Jokes, and selfies with Kobe Bryant, at Oscar nominees lunch
Jokes, and selfies with Kobe Bryant, at Oscar nominees lunch
So the production designer of “The Shape of Water” is free to geek out over meeting Mary J. Blige, who herself shared a moment with Gary Oldman.
Actress Sally Hawkins embraced Margot Robbie while Greta Gerwig chatted with Meryl Streep. Jordan Peele talked shop with Willem Dafoe. First-time acting nominees Daniel Kaluuya and Timothee Chalamet high-fived every time they saw each other.
Even nominees who couldn’t attend were there in spirit, or at least in cardboard-cutout form. Street artist JR brought a life-sized cardboard portrait of “Faces Places” co-director Agnes Varda. He brought the Varda cutout on the red carpet and into the risers for the annual Oscars “class photo.”
But the person perhaps enjoying the Oscar luncheon the most was retired Lakers star Kobe Bryant. Nominated for his contributions to the animated short “Dear Basketball,” Bryant wore a beaming grin throughout the event, practically skipping his meal to pose for photos with his many fans in the room, including fellow nominees Allison Janney and “Logan” screenwriter James Mangold. Bryant said being in the Oscar mix is “better than all those championships put together.”
“I don’t know what’s going on!” the 39-year-old said, practically giggling. “I love this.”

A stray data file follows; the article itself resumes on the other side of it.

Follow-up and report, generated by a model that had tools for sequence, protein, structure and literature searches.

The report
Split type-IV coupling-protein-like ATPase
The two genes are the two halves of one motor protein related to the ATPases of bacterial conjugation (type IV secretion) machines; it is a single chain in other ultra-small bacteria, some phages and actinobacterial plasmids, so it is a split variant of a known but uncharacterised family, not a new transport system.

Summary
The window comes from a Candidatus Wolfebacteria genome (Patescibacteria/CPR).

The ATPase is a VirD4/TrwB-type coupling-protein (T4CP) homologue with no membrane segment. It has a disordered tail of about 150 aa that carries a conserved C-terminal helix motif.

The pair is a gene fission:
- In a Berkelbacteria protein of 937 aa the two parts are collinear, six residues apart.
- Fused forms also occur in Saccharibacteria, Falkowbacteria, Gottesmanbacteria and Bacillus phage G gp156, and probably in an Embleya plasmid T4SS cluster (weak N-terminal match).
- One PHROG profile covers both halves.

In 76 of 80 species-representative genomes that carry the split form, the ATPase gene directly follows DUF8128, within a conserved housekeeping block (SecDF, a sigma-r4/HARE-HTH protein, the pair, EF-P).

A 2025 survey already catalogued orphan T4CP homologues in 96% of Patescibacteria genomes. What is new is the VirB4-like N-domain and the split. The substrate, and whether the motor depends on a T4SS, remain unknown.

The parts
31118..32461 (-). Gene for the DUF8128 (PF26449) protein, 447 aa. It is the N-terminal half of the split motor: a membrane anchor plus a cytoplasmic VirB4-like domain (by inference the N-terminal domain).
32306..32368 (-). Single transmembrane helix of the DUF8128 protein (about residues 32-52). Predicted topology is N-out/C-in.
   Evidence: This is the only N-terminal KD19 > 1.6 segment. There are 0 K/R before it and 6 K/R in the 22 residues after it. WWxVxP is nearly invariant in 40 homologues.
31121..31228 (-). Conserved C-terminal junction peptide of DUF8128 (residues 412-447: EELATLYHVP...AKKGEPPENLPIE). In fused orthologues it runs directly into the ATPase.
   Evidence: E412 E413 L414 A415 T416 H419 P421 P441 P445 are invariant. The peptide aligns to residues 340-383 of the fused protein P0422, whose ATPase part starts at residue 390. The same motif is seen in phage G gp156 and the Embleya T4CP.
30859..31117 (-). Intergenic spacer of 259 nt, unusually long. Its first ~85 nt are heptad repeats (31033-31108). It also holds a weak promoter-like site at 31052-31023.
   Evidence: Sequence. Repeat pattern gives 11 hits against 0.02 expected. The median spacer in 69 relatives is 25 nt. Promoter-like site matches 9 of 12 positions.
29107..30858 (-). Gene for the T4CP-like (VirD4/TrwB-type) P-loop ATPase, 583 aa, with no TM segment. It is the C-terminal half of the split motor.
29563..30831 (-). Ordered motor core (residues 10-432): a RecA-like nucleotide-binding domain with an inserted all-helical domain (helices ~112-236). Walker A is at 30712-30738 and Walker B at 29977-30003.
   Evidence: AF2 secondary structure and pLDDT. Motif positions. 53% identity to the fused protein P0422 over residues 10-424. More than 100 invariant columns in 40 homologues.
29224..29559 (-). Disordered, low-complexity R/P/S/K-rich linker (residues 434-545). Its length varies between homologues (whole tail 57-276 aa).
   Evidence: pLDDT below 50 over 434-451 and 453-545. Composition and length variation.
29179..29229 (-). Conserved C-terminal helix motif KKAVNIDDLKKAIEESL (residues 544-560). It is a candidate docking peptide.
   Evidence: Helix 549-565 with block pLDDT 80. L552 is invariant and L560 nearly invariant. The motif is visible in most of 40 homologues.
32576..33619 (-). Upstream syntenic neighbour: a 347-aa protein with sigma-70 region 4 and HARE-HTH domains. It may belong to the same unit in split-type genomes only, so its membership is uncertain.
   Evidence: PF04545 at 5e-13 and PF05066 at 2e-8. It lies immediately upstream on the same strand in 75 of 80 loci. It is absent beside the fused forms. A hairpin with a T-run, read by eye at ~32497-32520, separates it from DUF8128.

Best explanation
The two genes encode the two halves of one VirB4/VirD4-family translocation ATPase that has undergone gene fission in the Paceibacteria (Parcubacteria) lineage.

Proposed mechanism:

An annual tradition since 1982, the Oscar nominees’ luncheon brings together the year’s nominated artists for a collegial meal, extended mingling and the group photo. This year’s event drew 170 of the 200 artists nominated.
Film academy president John Bailey explained the history of the film academy before telling nominees that they each embody “this 90-year academy history.” He dropped the words “envelope malfunction” in a passing reference to last year’s best picture flub, but more pointedly offered a new hashtag to replace #OscarsSoWhite, a criticism that inspired sweeping changes for greater inclusion in the film academy. Bailey’s new hashtag: “Oscars so 90th.”
He said the academy reinventing itself in “this era of greater awareness and responsibility in balancing gender, race, ethnicity and religion.”
Addressing those issues and perhaps the #MeToo movement, Bailey said, “I may be a 75-year-old white male, but I’m every bit as gratified as the youngest of you here that the fossilized bedrock of many of Hollywood’s worst abuses are being jackhammered into oblivion.”
Actress Laura Dern called for greater compassion and representation throughout the industry. She then announced every nominee’s name as each took their places on risers for a group photo.
“Radicals, subversives and wild ones,” Dern said, “Thank you for getting us through this last year with every one of your films somehow reflecting the wealth of emotions that we are all going through.”
Telecast producers Jennifer Todd and Michael De Luca briefly greeted the nominees, with Todd saying, “It’s our honor to produce the show in a year where the nominations are finally starting to reflect the world that we live in and the way it looks, speaks and tells stories.”
Then they brought actor-comedian Patton Oswalt out to give eventual Oscar winners tips for delivering memorable acceptance speeches.
“They’ve spared every expense bringing me here,” he quipped.